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Разбираемся с Object Oriented Programming в Python

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This tutorial outlines object oriented programming (OOP) in Python with examples. It is a step by step guide which was designed for people who have no programming experience. Object Oriented Programming is popular and available in other programming languages besides Python which are Java, C++, PHP.

What is Object Oriented Programming?

In object-oriented programming (OOP), you have the flexibility to represent real-world objects like car, animal, person, ATM etc. in your code. In simple words, an object is something that possess some characteristics and can perform certain functions. For example, car is an object and can perform functions like start, stop, drive and brake. These are the function of a car. And the characteristics are color of car, mileage, maximum speed, model year etc.

In the above example, car is an object. Functions are called methods in OOP world. Characteristics are attributes (properties). Technically attributes are variables or values related to the state of the object whereas methods are functions which have an effect on the attributes of the object.

In Python, everything is an object. Strings, Integers, Float, lists, dictionaries, functions, modules etc are all objects.

Do Data Scientists Use Object Oriented Programming?

It's one of the most common question data scientists have before learning OOP. When it comes to data manipulation and machine learning using Python, it is generally advised to study pandas, numpy, matplotlib, scikit-learn libraries. These libraries were written by experienced python developers to automate or simplify most of tasks related to data science. All these libraries depend on OOP and its concepts. For example, you are building a regression model using scikit-learn library. You first have to declare your model as an object and then you use a fit method. Without knowing fundamentals of OOP, you would not be able to understand why you write the code in this manner.

In python, there are mainly 3 programming styles which are Object-Oriented Programming, Functional Programming and Procedural Programming. In simple words, there are 3 different ways to solve the problem in Python. Functional programming is most popular among data scientists as it has performance advantage. OOP is useful when you work with large codebases and code maintainability is very important.

Conclusion :It's good to learn fundamentals of OOP so that you understand what's going behind the libraries you use. If you aim to be a great python developer and want to build Python library, you need to learn OOP (Must!). At the same time there are many data scientists who are unaware of OOP concepts and still excel in their job.

Basics : OOP in Python

In this section, we will see concepts related to OOP in Python in detail.

Object and Class

Class is a architecture of the object. It is a proper description of the attributes and methods of a class. For example, design of a car of same type is a class. You can create many objects from a class. Like you can make many cars of the same type from a design of car.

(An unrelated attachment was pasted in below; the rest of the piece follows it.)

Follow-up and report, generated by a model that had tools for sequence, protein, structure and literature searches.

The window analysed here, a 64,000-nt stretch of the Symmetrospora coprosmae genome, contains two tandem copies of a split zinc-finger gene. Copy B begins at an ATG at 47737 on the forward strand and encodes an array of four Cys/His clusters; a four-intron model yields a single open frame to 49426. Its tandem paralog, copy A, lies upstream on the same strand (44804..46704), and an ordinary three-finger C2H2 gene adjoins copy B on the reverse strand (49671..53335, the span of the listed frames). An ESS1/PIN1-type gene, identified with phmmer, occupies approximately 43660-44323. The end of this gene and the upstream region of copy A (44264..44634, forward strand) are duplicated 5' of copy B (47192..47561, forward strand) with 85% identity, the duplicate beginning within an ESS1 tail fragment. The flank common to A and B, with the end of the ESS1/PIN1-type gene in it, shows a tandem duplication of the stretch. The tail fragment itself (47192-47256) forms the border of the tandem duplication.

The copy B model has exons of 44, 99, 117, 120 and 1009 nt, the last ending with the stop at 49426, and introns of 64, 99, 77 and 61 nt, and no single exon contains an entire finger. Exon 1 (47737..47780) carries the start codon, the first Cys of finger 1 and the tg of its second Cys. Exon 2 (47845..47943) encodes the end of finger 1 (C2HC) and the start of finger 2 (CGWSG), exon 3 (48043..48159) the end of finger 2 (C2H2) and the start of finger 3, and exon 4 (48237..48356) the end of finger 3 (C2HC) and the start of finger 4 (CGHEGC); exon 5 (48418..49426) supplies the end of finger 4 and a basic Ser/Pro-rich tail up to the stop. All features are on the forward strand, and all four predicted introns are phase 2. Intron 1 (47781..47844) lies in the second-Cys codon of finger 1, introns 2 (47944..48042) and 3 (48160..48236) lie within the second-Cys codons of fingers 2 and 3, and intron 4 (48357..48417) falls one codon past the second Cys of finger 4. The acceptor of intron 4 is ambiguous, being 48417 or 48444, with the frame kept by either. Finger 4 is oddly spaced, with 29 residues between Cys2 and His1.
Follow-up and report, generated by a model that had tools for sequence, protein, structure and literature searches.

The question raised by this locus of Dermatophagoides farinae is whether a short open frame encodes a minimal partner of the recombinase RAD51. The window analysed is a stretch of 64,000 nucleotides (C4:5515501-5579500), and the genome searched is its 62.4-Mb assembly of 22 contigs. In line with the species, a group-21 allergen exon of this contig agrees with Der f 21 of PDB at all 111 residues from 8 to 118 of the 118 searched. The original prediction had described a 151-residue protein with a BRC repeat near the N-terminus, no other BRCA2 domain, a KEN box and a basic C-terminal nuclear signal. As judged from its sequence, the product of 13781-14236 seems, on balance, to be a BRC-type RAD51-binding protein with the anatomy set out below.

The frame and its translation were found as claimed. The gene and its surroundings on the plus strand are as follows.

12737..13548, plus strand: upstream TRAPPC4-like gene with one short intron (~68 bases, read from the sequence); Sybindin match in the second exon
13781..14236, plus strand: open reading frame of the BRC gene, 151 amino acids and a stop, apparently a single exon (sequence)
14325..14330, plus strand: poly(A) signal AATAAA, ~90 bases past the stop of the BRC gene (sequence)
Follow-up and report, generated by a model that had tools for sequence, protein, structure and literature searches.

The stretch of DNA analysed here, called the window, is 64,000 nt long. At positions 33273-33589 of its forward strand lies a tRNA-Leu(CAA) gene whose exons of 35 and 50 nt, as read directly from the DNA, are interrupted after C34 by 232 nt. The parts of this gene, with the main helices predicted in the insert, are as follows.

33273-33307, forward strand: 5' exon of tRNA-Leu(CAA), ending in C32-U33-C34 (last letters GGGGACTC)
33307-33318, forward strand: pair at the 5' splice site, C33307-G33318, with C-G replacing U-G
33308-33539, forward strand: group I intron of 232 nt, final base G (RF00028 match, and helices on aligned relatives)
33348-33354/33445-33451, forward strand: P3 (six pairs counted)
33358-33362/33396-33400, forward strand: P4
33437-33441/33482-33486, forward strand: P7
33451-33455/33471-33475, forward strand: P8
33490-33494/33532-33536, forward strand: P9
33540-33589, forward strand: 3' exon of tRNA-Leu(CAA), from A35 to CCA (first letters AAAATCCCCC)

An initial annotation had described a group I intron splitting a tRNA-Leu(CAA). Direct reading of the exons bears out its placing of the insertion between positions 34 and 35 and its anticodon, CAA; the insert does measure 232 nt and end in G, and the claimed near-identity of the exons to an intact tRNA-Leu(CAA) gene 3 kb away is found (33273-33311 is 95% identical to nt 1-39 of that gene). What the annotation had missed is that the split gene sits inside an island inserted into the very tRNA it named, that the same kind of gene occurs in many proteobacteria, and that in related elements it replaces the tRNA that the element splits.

There are many real-world examples of classes as explained below -

  • Recipe of Omelette is a class. Omelette is an object.
  • Bank Account Holder is a class. Attributes are First Name, Last Name, Date of Birth, Profession, Address etc. Methods can be "Change of address", "Change of Profession", " Change of last name" etc. "Change of last name" is generally applicable to women when they change their last name after marriage
  • Dog is a class. Attributes are Breed, Number of legs, Size, Age, Color etc. Methods can be Eat, Sleep, Sit, Bark, Run etc.

In python, we can create a class using the keyword class. Method of class can be defined by keyword def. It is similar to a normal function but it is defined within a class and is a function of class. The first parameter in the definition of a method is always self and method is called without the parameter self.

Example 1 : Create Car Class

  • class : car
  • attributes : year, mpg and speed
  • methods : accelerate and brake
  • object : car1
class car:
    
    # attributes
        year = 2016     # car model's year
        mpg =  20       # mileage
        speed = 100     # current speed
        
    # methods
        def accelerate(self):
            return car.speed + 20

        def brake(self):
            return car.speed - 50
car1=car()

car1.accelerate()
120

car1.brake()
50

car1.year
2016

car1.mpg
20

car1.speed
100
To submit methods, we need to use rounded brackets.

Example 2 : Create Company Class

In the example below, we are creating a class called company. Here attributes are name, turnover, revenue and number of employees working in the company. Method is revenue generated per employee (let's call it

productivity

for demonstration purpose).

# Creates class Company
class Company:
    
    # attributes
    name = "XYZ Bank"
    turnover = 5000
    revenue = 1000
    no_of_employees = 100
    
    # method
    def productivity(self):
        return Company.revenue/Company.no_of_employees

Attributes which are defined outside of method can be extracted without creating object.

Company.name

Output
'XYZ Bank'

Company.turnover

Output
5000

Company.no_of_employees

Output
100

Company().productivity()

Output
10.0

Constructor

Constructor is a special method. You can think of as a function which initializes or activates the attributes or properties of the class for a object. Use keyword

__init__

to create a method for constructor. In the above section we discussed an example of car as an object. You can think of constructor as entire sequence of actions required so that the factory constructs a car object out of the class design pattern.

self

represents that object which inherits those properties.

Objects are instances of a class. Words 'instance' and 'object' are used interchangeably. The process of creating an object of a class is called instantiation.

In the following example, we are asking user to input values. __init__ is called when ever an object of the class is constructed.